“It had a really good chassis and a very driveable engine,” he says. “[The Ford-Cosworth V8] definitely wasn’t as powerful as the Renault, as we’d find out when we got the V10 in 1995, but you could build a very nice car around it. And the aerodynamics were very benign, so it was dead easy to set-up. You could tune it to the circuit very quickly and it looked after its tyres. It really was a good car. When you try to make your aerodynamics benign – by that I mean not very peaky or sensitive – you often have to give away a bit of downforce to do it. But actually the 1994 car had as much, if not more, than any of its contemporaries.”
Schumacher never was fallible though, was he? He dropped his Benetton early in the 1995 race having just switched from wets to slick tyres, but took his first Ferrari pole position in ’96 despite now living with a clear car disadvantage compared to Williams. A trio of second places between 1996-98, beaten by Damon Hill, Heinz-Harald Frentzen and McLaren’s David Coulthard respectively only augments his status and consistency through the decade, before Mika Häkkinen gifted him a second Imola victory in 1999 by spinning out of the lead. By 2000, fully recovered from the broken leg sustained at Silverstone the previous July, Schumacher claimed an Imola trio – and a straight hat-trick for the season as pole winner Häkkinen lost out on strategy. A clean pass for victory was rarely the story at Imola – although that was the case at most circuits back then. Lest we forget, ‘the show’ has been much improved in this modern era, even before this new aerodynamic reset, thanks largely to the advent of dreaded DRS.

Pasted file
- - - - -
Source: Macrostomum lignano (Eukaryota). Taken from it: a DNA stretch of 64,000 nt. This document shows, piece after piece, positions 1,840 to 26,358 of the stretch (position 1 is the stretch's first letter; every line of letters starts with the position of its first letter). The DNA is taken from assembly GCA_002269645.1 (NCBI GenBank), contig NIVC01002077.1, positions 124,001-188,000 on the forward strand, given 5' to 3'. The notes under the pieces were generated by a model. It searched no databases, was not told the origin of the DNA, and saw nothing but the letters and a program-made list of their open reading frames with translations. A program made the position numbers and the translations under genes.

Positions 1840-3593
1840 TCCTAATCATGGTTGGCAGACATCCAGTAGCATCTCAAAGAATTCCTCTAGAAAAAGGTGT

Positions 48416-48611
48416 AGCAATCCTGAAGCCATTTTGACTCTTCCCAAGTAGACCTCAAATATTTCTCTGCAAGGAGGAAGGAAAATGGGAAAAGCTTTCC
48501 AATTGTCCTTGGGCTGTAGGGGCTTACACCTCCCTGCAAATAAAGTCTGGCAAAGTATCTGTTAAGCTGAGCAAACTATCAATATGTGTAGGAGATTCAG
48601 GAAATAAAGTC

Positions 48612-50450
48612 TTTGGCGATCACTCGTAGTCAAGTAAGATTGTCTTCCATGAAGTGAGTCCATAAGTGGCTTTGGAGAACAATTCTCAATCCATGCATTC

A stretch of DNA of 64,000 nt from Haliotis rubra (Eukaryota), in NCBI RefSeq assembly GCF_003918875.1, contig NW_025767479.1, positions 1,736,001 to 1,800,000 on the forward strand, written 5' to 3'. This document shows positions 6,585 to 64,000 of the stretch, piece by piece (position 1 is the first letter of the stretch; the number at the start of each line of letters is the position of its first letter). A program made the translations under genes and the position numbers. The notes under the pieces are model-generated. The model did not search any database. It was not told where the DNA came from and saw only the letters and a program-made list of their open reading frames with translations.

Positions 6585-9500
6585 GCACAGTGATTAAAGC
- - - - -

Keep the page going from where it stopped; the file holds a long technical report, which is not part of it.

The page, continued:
Brother Ralf Schumacher scored an emphatic maiden victory for Williams-BMW in 2001, on Schumacher’s ‘turf’ – he really was world-class when the stars aligned – but a run of three Imola victories on the trot began for Michael in 2002. That year and in 2004, Schumacher and Ferrari domination almost throttled the life out of F1 as he racked up his astounding tally of statistics. We’d never have guessed then that anyone would ever match, never mind surpass, such supremacy.
A fantastic tactical game with Fernando Alonso and Renault brought a hard-fought final Imola win in 2006 during the last year of his ‘first’ F1 career – but the Schumacher-related San Marino GP that really sticks in the mind the most was his defeat in 2005. Funny how near-misses often stand out above the (many) victories.
That 2005 race was among the best ever seen at Imola. Kimi Räikkönen led early on in Adrian Newey’s rapid McLaren MP4-20 until a driveshaft failure spoilt his day. As Alonso picked up the lead, Schumacher rose from P13 on the grid to reel in the Renault, making up more than 30 seconds. What a performance, in a season when he was mostly hobbled by the one-off no-tyre stop rules that threw Ferrari and Bridgestone. The final 11 laps, as Schumacher hounded a cool-headed Alonso, was compendious of F1 back then: fantastic cars powered by the squalling last-generation V10s, that were also near-impossible to race even for the world’s finest drivers. Never thought I’d say this, but thank goodness for DRS…